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Tim Robbins's "Cradle Will Rock"

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Topsy-Turvy could also serve as the title of writer-director Tim Robbins's Cradle Will Rock, which is spiritedly obsessed with the follies and pizzazz of the gypsy theatrical life and with moneyed society. (By a happy coincidence, it's practically a companion piece to Leigh's film.) Robbins is almost insanely ambitious in attempting a full-scale, tumultuous portrait of art, theater, and politics in thirties New York. The film's focal point is the politically motivated cancellation by the Works Progress Administration of Marc Blitzstein's leftist opera The Cradle Will Rock, a Federal Theater Project presentation produced by John Houseman and staged by Orson Welles, and the subsequent raucous, impromptu restaging of its premiere twenty blocks uptown.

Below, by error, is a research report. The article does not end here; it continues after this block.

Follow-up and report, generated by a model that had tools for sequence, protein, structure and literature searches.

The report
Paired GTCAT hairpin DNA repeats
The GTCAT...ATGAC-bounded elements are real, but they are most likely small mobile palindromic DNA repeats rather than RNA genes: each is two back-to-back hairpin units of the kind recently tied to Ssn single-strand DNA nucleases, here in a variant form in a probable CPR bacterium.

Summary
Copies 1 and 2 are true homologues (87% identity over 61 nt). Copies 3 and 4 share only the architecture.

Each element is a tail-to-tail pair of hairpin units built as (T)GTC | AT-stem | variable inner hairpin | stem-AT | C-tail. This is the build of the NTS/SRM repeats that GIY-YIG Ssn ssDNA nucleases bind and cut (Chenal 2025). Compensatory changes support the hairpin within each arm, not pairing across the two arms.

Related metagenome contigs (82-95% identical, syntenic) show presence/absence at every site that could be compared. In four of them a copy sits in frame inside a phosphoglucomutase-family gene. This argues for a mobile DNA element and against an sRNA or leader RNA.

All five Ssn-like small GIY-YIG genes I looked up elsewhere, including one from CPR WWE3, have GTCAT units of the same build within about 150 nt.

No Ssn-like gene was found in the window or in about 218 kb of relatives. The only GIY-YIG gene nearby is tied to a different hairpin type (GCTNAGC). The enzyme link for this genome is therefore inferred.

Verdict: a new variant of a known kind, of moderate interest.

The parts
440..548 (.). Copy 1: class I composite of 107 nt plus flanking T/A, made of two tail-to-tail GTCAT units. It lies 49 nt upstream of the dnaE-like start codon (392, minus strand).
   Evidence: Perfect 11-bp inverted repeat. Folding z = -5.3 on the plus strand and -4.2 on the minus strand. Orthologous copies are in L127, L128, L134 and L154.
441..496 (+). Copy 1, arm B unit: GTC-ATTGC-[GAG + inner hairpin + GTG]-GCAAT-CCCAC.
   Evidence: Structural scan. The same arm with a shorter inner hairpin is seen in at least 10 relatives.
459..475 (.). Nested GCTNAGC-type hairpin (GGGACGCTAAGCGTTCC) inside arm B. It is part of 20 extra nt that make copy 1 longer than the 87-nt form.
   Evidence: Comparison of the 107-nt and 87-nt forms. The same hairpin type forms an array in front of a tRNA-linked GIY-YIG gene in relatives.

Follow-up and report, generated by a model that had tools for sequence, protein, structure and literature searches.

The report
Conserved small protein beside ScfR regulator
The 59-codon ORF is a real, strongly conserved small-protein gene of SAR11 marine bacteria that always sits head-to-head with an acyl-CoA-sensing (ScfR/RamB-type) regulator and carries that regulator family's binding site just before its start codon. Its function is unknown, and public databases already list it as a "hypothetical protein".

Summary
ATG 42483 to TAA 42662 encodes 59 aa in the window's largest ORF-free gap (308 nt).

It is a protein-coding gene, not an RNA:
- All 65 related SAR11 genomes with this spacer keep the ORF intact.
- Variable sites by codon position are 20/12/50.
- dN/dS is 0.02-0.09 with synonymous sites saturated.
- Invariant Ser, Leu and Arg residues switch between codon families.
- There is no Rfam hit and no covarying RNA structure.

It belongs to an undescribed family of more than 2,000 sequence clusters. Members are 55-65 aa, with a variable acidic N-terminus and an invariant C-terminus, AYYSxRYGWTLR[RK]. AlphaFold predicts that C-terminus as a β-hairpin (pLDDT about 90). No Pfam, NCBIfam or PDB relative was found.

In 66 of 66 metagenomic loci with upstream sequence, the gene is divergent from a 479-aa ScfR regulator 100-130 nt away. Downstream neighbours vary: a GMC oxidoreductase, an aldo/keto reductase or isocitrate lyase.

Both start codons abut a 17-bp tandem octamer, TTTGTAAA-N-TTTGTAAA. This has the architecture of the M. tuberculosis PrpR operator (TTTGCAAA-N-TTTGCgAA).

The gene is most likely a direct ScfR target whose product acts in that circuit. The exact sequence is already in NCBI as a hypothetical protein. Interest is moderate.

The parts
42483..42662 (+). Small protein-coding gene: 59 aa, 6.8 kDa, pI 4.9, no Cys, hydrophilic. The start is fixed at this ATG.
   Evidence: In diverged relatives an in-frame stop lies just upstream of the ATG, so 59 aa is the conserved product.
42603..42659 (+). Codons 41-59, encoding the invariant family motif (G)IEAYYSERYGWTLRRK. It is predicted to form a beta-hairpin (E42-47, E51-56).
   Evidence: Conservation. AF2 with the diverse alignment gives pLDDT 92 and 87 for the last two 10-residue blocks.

As a director, Robbins doesn't really have the chops to bring most of it off, but he's made the right decision to frame this story as a comedy; at its best, the film suggests what Preston Sturges might have come up with if he suddenly turned Altmanesque. The cast is varied and wildly uneven: Angus Macfadyen's Orson Welles is mostly a blur of bellowing and bad manners, but Rubén Blades's Diego Rivera, who clashes with John Cusack's Nelson Rockefeller, is a roaring success, and Bill Murray, who plays a scarily despondent vaudeville ventriloquist, demonstrates yet again, after Rushmore, that he's a major actor who can disturb us as resoundingly as he once made us laugh.


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